Me too. I like historical mysteries. I am waiting on the latest Michael Jecks Templar mystery series.

    • Start with the first one. It’s much easier to “get into.” The third one starts out kinda rocky because she has to explain SO much for people who haven’t read the first two (and bless her for doing so, since I started there, lol!). The woman has a gift for layered narrative, though. I will say that.

    • Somebody says:

      Lola thanks for the tip on the books. I love mysteries and historical novels!

      I will check out some of the other books mentioned that I haven’t read yet. I need to evernote this thread so I can find the list of books later. I don’t have time to read right now with everything that’s going on in my life, but it will all slow down soon enough and when it does pouring myself into some good books sounds wonderful.

      VM I love the picture.

      • Glad I could help. I hear you on the reading thing. The only reason I have the time is because it’s summer and they only let me teach two classes in the summer. Come mid-August, assuming the Obamacare announcement has softened things at my college, it’ll be back to the grindstone.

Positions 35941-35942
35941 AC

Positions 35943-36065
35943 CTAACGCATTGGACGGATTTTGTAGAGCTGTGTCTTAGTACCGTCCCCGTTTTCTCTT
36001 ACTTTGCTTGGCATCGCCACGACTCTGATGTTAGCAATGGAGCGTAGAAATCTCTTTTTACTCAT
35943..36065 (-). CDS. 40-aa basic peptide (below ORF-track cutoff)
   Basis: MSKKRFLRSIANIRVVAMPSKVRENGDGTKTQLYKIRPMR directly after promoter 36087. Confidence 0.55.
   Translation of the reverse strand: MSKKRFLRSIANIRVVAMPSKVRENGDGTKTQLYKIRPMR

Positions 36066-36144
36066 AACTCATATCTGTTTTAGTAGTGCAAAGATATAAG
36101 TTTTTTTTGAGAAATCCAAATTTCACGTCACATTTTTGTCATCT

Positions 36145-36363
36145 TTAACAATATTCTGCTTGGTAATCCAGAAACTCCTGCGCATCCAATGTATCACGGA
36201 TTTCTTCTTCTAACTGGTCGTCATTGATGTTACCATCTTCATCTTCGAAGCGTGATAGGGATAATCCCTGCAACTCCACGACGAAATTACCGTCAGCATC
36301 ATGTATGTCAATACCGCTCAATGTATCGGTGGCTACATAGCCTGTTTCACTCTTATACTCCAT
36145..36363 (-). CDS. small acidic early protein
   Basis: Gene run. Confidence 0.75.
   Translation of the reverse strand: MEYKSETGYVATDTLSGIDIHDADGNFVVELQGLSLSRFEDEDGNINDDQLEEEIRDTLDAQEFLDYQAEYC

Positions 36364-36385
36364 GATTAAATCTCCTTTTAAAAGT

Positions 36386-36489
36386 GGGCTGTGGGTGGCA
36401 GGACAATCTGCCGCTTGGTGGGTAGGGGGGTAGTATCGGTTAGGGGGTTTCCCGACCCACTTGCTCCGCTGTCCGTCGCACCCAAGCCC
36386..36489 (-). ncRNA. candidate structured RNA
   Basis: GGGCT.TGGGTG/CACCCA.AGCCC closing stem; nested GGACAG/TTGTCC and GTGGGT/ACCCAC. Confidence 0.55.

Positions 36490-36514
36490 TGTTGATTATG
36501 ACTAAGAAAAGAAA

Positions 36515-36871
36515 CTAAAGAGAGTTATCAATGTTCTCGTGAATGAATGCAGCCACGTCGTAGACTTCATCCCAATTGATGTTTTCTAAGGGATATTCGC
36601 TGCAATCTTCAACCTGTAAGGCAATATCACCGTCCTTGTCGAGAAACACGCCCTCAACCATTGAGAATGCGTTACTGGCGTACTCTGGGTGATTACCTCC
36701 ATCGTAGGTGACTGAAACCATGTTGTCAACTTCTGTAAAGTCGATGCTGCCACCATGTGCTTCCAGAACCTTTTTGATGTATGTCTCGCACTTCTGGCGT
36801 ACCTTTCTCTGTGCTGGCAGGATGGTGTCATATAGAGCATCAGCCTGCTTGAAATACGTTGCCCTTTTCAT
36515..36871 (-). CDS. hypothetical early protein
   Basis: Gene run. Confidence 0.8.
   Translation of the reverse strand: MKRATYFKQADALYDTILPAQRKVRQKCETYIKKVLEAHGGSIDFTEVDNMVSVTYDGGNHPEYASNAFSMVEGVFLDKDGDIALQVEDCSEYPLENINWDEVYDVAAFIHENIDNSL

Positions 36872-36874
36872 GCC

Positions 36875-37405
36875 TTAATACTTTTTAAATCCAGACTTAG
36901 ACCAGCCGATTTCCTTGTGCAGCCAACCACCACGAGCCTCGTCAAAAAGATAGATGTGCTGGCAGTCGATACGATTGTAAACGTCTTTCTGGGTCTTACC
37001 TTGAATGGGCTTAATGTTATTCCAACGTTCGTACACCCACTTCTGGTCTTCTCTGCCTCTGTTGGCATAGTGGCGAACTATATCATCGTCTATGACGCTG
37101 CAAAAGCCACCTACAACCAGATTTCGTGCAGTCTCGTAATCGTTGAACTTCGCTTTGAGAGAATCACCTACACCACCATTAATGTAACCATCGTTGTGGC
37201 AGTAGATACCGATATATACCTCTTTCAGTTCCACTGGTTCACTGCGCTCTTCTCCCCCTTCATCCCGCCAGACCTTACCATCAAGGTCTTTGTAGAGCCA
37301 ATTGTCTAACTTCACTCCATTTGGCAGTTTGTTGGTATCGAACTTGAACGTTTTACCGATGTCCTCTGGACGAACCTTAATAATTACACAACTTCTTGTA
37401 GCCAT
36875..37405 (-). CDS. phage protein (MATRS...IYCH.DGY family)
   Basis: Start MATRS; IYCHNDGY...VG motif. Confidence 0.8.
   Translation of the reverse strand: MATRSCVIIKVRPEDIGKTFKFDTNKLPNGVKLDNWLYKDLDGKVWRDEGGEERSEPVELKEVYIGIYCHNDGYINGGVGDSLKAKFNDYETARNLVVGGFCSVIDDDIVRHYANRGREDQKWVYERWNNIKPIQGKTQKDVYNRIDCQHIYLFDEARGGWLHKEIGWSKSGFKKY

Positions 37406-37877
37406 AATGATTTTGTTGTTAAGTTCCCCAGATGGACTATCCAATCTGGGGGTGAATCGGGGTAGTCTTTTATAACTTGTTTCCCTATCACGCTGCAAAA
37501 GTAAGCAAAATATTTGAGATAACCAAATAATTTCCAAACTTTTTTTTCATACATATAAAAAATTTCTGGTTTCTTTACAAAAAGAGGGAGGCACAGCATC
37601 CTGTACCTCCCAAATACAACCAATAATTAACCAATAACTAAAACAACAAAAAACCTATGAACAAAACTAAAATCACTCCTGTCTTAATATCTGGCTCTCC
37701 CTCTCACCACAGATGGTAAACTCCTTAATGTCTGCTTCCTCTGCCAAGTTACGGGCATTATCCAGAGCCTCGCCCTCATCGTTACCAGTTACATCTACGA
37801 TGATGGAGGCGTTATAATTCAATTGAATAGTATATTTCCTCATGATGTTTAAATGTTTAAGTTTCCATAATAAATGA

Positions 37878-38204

10. insanelysane says:

    I am listening to a Jack Reacher called ” Killing Floor” , by Lee Child. Just finished The Enemy ( also JR).

    Also, slogging thru Ken Follett’s “Pillars of the Earth“. It’s a long one so I take breaks from it to read other stuff.

    • elliesmom says:

      I was reading “Pillars” on a visit to Savannah. I happened into the Cathedral of St. John with it sticking out of my backpack and was treated to an architectural tour comparing the cathedral in the book to the one I was standing in. One of the highlights of my trip. That and seeing the Lady Chablis of “Midnight in the Garden of Good and Evil” fame perform.

      • Oh, hell yes! Green with envy. Would have loved to have met the Lady Chablis. MitGoGaE is one of my all-time favorite modern books. A trip to Savannah is still on my bucket list because of it.